Generally favorable reviews - based on 19 Critics

Critic score distribution:
  1. Positive: 14 out of 19
  2. Negative: 2 out of 19
  1. 100
    Stimulating entertainment, as rigorously challenging and painfully funny as anything the Coens have done. But it's necessary to meet the Coens halfway. If you don't, Barton Fink is an empty exercise that will bore you breathless. If you do, it's a comic nightmare that will stir your imagination like no film in years.
  2. Reviewed by: Vincent Canby
    An unqualified winner. Here is a fine dark comedy of flamboyant style and immense though seemingly effortless techniqe...It's an exhilarating original. [21 Aug 1991]
  3. Reviewed by: David Ansen
    Creepily beautiful, acted with relish, Barton Fink is a savagely original work. It lodges in your head like a hatchet. [26 Aug 1991]
  4. 100
    What "Raising Arizona" was to baby lust, "Barton Fink" is to writer's block -- a rapturously funny, strangely bittersweet, moderately horrifying and, yes, truly apt description of the condition and its symptoms.
  5. Reviewed by: Staff (Not Credited)
    Scene after scene is filled with a ferocious strength and humor. Michael Lerner's performance as a Mayer-like studio overlord is sensational.
  6. 88
    A black comedy in the tradition of David Lynch, Luis Bunuel and the Coens assured piece of comic filmmaking.
  7. Reviewed by: Mike Clark
    Though less than the sum of its brilliant parts, the Coens' latest will still be must viewing in 32 years. [21 Aug 1991]
  8. Reviewed by: Jay Scott
    This hip morality tale is by no means perfect - it's not the masterpiece "Miller's Crossing" was - but it is stylish, intelligent, witty and more than slightly creepy.
  9. Reviewed by: Angie Errigo
    The allusions and illusions are just a treat until about two-thirds of the way in, when a genuinely shocking development takes the film off into psycho-horror that is almost as baffling as it is unsatisfying.
  10. Very competently mounted and acted (there are also juicy parts for Judy Davis, Tony Shalhoub, and Jon Polito), this is basically a midnight-movie gross-out in Sunday-afternoon art-house clothing--an intriguing novelty that revels in effect while oozing with cryptic signifiers.
  11. 78
    For once, the Coen brothers' neurotic filmmaking style works to their advantage; it's giddily appropriate for a movie about a man who's losing his mind.
  12. Barton Fink has an atmosphere of languid comic anxiety (it's like a cross between "Eraserhead" and "Angel Heart"), and it's fun to watch, if only because you have no idea what's coming next.
  13. Reviewed by: Staff (Not Credited)
    Ultimately, however, the look, sound and feel of this macabre comedy fail to support any coherent theme...Much is denigrated, but little affirmed.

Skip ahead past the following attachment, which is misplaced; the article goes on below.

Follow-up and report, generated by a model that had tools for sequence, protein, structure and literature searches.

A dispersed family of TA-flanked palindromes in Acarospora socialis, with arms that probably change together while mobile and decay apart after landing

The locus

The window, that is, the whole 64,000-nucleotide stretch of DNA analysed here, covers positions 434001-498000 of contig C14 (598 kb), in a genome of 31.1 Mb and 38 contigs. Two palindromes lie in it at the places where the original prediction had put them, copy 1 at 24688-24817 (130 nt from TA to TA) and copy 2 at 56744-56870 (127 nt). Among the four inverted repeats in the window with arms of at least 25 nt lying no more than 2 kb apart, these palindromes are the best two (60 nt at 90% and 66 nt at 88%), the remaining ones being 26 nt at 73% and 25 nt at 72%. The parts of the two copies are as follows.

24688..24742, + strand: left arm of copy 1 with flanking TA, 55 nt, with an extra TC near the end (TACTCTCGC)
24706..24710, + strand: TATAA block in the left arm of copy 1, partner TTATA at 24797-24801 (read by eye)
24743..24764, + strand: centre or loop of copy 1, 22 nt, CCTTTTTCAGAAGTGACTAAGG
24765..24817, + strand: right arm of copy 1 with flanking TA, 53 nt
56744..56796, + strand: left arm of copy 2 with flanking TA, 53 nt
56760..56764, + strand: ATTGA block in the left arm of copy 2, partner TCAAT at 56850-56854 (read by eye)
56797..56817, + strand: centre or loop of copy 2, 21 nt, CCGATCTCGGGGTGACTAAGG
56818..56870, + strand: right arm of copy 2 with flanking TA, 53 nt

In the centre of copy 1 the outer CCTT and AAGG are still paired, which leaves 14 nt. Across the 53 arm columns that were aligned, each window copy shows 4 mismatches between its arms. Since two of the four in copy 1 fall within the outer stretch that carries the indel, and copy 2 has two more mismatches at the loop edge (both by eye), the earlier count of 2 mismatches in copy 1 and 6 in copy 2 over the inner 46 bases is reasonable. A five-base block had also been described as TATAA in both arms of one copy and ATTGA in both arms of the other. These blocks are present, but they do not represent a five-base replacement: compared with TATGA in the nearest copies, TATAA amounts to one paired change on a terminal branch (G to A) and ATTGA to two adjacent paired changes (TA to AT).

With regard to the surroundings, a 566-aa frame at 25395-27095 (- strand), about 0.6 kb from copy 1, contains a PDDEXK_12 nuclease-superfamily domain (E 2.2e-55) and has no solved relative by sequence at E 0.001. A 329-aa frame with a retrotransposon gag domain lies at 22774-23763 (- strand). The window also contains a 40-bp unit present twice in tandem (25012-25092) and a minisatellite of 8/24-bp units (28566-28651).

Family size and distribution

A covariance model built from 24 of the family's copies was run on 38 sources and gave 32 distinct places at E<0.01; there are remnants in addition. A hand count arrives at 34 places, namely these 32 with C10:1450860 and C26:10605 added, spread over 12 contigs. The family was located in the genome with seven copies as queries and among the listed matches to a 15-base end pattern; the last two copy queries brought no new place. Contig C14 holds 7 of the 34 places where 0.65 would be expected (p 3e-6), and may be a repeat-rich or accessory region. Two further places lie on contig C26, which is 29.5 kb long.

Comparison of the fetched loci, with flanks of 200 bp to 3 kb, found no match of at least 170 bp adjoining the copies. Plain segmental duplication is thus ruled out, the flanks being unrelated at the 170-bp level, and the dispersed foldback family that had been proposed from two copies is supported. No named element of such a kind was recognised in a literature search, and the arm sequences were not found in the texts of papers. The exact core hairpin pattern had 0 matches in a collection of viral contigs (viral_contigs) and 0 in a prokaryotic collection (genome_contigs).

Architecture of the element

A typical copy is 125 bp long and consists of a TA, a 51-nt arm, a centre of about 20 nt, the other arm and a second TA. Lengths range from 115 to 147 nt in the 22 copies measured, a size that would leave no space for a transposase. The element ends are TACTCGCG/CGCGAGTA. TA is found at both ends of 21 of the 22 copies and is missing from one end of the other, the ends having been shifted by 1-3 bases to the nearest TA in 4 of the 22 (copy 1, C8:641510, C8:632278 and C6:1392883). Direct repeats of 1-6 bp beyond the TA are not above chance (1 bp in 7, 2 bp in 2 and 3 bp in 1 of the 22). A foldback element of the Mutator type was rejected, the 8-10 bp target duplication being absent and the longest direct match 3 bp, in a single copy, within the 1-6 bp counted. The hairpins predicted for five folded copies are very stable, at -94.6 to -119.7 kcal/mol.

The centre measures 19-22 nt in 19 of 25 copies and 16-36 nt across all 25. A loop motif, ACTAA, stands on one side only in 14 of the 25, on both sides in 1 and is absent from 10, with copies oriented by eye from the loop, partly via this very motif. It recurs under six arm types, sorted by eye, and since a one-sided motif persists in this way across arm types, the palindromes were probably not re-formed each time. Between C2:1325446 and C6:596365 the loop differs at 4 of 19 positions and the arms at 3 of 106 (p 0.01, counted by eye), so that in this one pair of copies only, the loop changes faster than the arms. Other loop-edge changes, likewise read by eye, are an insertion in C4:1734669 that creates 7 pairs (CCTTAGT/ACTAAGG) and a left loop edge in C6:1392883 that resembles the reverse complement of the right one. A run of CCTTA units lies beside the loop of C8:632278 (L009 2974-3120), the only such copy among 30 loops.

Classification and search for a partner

14. Reviewed by: Richard Schickel
    [The Coens] are therefore entitled to patience, respect and, yes, perhaps a special gratitude for this movie, which never once compromises its fundamentally unpromising yet courageously aspiring nature. [26 Aug 1991]
  15. Exhilarating and frustrating at the same time... the Coens' skill is such that you're not averse to following them anywhere, but every once in a while you can't help wishing they weren't so dead set against throwing the rest of us at least a hint of what's on their minds. [21 Aug 1991]
  16. But even as the film's weaknesses make themselves more and more apparent, so does Mr. Turturro's virtuosity. [15 Aug 1991, p.A10(E)]
  17. Like the mysterious, bound package Goodman gives Turturro (the contents are never revealed), the Coens isolate a small area of interest, bind it with psycho-atmospheric finesse, then wait for something significant to emerge. Even after a second viewing of this movie, it doesn't.
  18. Reviewed by: Terrence Rafferty
    It feels thin. It's an empty tour de force, and what's dismaying about the picture is that the filmmakers... seem inordinately pleased with its hermetic meaninglessness.
  19. Billed as a comedy, but it could also be billed as a drama, a satire, an allegory, or a film (partially) noir. It wouldn't matter, or help... Not since Robert Altman has any American filmmaker been as overrated as this pair. [30 Sept 1991]
User Score

Universal acclaim- based on 65 Ratings

User score distribution:
  1. Positive: 13 out of 14
  2. Negative: 0 out of 14
  1. MikeG
    Dec 1, 2006
    Barton Fink is arguably the Coen Brothers masterpiece. Not a single scene is wasted, and that includes the washed out backgrounds, the costumes worn by the characters, and every single bit of juicy dialogue. In a movie filled with awesome supporting performances by John Goodman, Judy Davis, a scene-stealing Michael Lerner and even Tony Shalhoub, John Turturro is the glue that holds this film together. Some actors fail in Coen Brothers movies because they seem too much like spectators...not in their skin and almost watching the movie with the rest of us. Turturro is perfect - an inhabitant of the insane world he's in but also an interloper at the same time. As mentioned above, the dialogue is all wonderful, crisp, sharp, funny, and meaningful all at once. Watch this movie twice if you don't quite get it the first time...the pay-off is simply incredible. Full Review »
  2. Nov 1, 2013
    With some truly striking imagery camerawork from Roger Deakins, a characteristically bleak narrative from the Coens, and some thematically rich ideas all throughout, "Barton Fink" slides faultlessly across genres with surprising ease and grace. Full Review »
  3. Aug 1, 2013
    This is most certainly an odd movie. The acting and directing are predictably good and the plot is interesting for sure. A very cerebral film, this one is most certainly unsettling. Not sure how to react to this one other than; it is definitely a good film that will keep you intrigued throughout. Full Review »